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The Mandatory recipe Thread

1013 posts in this topic

The question you need to be asking Anders is what it is you are living for? Back in the 70's you would have been drinking beer and eating T-bones and enjoying your life. Once you start taking tests (and associated drugs) you start on the slippery path to worrying about your longevity but not enjoying your life. By all means exercise because that adds to your quality of life but what ever you do don't become a slave to a "healthy" lifestyle. You'll end up being far less fun and you will create a need to increase the national health budget. Mortality is part of life. The end part. smile.gif Don't live in fear.

Yeah, you're right...

I'm not living in fear (other than of prostate exams) - I just want to start treating my body as well as I treat my car with some regular preventative maintenance.

But it is a blow that my doctor complained about my liver and cholesterol. I thought my liver would be the strongest organ in my body, considering all the exercise it gets.

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But it is a blow that my doctor complained about my liver and cholesterol. I thought my liver would be the strongest organ in my body, considering all the exercise it gets.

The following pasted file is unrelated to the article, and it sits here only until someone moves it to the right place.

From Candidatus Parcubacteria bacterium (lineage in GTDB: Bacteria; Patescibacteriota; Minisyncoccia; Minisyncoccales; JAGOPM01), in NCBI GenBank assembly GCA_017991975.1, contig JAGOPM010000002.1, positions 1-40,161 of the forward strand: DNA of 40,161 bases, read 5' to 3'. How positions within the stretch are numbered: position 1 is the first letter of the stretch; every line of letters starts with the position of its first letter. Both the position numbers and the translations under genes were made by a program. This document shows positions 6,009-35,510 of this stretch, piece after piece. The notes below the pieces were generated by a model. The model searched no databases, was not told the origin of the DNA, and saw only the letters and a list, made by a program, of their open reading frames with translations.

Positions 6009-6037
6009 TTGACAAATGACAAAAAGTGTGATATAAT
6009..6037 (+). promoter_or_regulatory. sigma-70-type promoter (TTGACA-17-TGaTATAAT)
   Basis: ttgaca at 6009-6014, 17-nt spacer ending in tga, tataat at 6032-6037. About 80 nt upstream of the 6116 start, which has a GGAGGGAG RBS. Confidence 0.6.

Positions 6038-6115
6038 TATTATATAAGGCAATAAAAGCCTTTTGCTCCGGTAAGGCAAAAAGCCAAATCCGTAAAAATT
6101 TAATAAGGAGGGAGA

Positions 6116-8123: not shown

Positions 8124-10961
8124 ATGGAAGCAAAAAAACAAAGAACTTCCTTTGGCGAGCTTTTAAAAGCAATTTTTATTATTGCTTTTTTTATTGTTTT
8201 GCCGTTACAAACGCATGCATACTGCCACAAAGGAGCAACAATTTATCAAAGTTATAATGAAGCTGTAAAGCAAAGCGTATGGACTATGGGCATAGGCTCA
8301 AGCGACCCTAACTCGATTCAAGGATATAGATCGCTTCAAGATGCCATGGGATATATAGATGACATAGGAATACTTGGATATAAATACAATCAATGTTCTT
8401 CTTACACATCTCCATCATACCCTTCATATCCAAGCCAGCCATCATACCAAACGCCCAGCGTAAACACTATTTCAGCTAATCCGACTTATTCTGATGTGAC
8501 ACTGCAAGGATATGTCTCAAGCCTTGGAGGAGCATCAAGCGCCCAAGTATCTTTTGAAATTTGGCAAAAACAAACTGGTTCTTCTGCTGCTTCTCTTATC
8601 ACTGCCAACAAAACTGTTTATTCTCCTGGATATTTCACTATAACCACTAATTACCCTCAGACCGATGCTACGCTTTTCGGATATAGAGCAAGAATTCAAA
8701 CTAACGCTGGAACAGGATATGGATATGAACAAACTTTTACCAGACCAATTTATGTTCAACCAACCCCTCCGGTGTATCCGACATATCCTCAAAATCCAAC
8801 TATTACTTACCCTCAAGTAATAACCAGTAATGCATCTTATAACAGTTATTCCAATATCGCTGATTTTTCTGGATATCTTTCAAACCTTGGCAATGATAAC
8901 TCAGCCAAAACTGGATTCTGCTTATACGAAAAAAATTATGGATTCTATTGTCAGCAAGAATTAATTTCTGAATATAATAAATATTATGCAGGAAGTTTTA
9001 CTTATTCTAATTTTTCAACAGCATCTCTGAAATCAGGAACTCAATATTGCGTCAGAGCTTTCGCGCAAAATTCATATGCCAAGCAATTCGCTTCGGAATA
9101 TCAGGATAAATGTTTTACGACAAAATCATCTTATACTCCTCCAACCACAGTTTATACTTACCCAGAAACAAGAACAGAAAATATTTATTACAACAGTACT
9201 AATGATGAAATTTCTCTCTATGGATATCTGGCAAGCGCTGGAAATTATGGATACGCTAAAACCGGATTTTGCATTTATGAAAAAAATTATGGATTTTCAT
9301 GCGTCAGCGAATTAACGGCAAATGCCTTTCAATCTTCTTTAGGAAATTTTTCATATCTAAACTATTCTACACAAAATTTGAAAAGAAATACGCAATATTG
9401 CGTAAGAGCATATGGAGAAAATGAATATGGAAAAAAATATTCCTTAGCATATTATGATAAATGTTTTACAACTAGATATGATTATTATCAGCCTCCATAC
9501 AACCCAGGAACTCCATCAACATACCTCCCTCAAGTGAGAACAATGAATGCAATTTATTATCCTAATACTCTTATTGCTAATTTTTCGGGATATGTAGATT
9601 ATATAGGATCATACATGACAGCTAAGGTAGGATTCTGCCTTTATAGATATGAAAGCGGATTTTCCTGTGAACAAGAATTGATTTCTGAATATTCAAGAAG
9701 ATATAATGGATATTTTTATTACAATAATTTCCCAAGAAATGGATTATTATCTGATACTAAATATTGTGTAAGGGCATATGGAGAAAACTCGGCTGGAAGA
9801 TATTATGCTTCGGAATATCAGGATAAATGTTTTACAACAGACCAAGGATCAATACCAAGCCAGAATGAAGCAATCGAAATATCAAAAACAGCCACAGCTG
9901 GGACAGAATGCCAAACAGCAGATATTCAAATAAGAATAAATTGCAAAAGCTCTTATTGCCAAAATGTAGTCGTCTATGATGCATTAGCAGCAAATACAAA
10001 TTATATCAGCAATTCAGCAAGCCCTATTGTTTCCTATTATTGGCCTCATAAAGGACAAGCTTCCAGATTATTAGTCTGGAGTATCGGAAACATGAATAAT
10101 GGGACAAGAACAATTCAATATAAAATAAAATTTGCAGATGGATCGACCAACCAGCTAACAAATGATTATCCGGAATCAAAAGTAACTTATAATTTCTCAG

Did you know that (unless scarred) the liver can heal itself? Huzzah!!

For the record I started a moderate middle-aged-man regime of 30-40 mins cardio 4X a week about two years ago and feel much better in the day-to-day now...and still eat and drink (mostly) like I used to. The unexpected side-effect of workouts was that I actually got hungrier... which makes some sense. "Why do you go for your workouts? Because I like to drink beer and eat a bit too much." It's a small price to pay.

I refer you to the planked salmon recipe.

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Did you know that (unless scarred) the liver can heal itself? Huzzah!!

For the record I started a moderate middle-aged-man regime of 30-40 mins cardio 4X a week about two years ago and feel much better in the day-to-day now...and still eat and drink (mostly) like I used to. The unexpected side-effect of workouts was that I actually got hungrier... which makes some sense. "Why do you go for your workouts? Because I like to drink beer and eat a bit too much." It's a small price to pay.

I refer you to the planked salmon recipe.

Thanks for the advice - I shall heed it with serious consideration.

Sorry for derailing this wonderful thread - but it really sucks to feeling the effects of ageing. Here's a story:

An old man was interviewed on his 100th birthday by a young female journalist in the village:

"You were known to be quite a strongman in your heyday?"

"Yes", the old man replied. "I used to be able to bend a 1/2 inch copper pipe over my erect pecker"

"Oh, gosh! Ah... hmmm... but you're not able to do that these days, are you?"

"No, sadly not - I've lost all the strength in my arms"

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Normandy. Tonights effort was an attempt to transport Ms clown and I to this little apply paradise. No that I have ever been there but I do have an extraordinary imagination. I pictured friendly farmers in an idyllic rural setting passing me the best pork, apples and calvados. All three are combined in this made up dish. I bought a bottle of Calvados to experiment.